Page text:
Walking down the main streets of any number of Townships’ towns – Coaticook, Rock Island, Danville, or Granby – passersby can find themselves taken in by the commanding neo-classical and second empire architectural styles of the buildings that once served as branches of the Eastern Townships Bank. Apart from the dramatic and almost intimidating nature of these buildings, the E.T. Bank played a meaningful role in the lives of the local population as it served farmers, artisans, and businessmen alike.
From the moment of its establishment in 1859, the Eastern Townships Bank was to be a bank supported by the people of the Townships and that served the people of the Townships. In fact, in 1863, 89% of the E.T. Bank’s capital was held by Townshippers. The presence of a regional bank and the access to loans meant that local businessmen and entrepreneurs were able to get their businesses off the ground. One small example of this was James H. Smith of Sutton, who received a loan from the Eastern Townships Bank so that he could become a dealer of carriages, harnesses, farming Implements, wagons, and cream separators. In addition to small businesses, the E.T. Bank invested in many of the large industries emerging in the Townships in the latter part of the 19th century, such as Jenckes Machine Shop in Coaticook, Royal Paper Mills in East Angus, and Paton Manufacturing Company in Sherbrooke.
The E.T. Bank had gone from a head office and two agencies in 1859 to 61 branches and 31 agencies in a span of 50 years. In addition to its more notable branches, the Eastern Townships Bank had a presence in a great many towns and villages throughout the region, including Roxton Falls, East Broughton, and Upton, which afforded smaller communities access to local banking services.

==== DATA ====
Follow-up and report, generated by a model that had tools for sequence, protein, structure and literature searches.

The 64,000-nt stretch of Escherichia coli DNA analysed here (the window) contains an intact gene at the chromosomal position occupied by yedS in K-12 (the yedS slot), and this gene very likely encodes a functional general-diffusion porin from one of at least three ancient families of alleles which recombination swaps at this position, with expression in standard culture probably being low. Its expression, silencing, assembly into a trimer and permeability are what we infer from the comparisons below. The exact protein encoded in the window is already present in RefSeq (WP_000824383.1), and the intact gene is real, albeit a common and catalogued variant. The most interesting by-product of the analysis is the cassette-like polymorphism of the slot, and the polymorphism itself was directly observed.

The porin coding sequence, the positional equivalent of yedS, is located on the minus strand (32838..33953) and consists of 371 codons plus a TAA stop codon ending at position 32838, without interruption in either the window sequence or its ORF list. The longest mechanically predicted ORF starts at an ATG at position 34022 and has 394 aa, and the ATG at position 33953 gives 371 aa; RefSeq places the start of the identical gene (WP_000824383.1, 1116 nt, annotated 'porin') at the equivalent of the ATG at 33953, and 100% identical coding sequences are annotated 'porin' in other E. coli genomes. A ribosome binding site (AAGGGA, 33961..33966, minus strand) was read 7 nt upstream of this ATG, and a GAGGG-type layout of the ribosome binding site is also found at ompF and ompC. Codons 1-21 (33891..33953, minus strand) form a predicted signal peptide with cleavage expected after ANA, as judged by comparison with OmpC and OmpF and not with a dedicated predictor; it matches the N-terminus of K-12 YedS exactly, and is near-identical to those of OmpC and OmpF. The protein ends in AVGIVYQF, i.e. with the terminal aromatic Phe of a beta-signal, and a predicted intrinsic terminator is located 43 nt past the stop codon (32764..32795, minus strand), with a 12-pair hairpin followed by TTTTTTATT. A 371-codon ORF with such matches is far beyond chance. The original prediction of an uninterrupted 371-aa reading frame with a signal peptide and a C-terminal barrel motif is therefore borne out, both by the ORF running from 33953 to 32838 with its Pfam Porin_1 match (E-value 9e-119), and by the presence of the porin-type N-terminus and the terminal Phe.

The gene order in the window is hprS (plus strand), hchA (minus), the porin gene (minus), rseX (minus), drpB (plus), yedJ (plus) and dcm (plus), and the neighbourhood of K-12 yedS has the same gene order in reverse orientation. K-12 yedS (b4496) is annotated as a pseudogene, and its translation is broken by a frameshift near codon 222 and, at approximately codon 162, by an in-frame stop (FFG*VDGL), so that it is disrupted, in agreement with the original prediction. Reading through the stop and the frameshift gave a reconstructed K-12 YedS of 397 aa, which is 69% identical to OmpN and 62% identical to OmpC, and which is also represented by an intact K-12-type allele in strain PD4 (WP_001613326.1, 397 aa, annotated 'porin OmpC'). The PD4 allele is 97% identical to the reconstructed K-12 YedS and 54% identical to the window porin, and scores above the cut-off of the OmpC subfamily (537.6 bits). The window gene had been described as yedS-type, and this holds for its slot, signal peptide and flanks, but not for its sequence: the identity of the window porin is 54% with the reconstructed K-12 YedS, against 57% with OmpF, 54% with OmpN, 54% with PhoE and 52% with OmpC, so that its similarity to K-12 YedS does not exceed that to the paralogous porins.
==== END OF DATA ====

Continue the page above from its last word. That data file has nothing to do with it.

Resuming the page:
Beyond its practical involvement in the financial affairs of the region, the E.T. Bank displayed its Townships roots on its money and stock certificates; they bore farming and mining scenes as well as recognizable landscapes such as the iconic Lake Memphremagog steamer, the Lady of the Lake, and the Magog River Gorge in Sherbrooke.
The Eastern Townships Bank continued to grow into the early years of the 20th century but as shareholders from outside the region increased (by 1912, 64% of the Bank’s capital was held by those outside the Townships) and with increased competition from the major national banks, the directors of the Eastern Townships Bank elected to sell to the Canadian Bank of Commerce in 1912. Even though over 100 years have passed since its absorption into the Canadian Bank of Commerce, the Eastern Townships Bank continues to live on in the landscapes of the Eastern Townships. In the words of C.C. Colby: “[…] let us hope that the Eastern Townships Bank will never forget its years of youth amid the noble and beloved hills of the Eastern Townships!’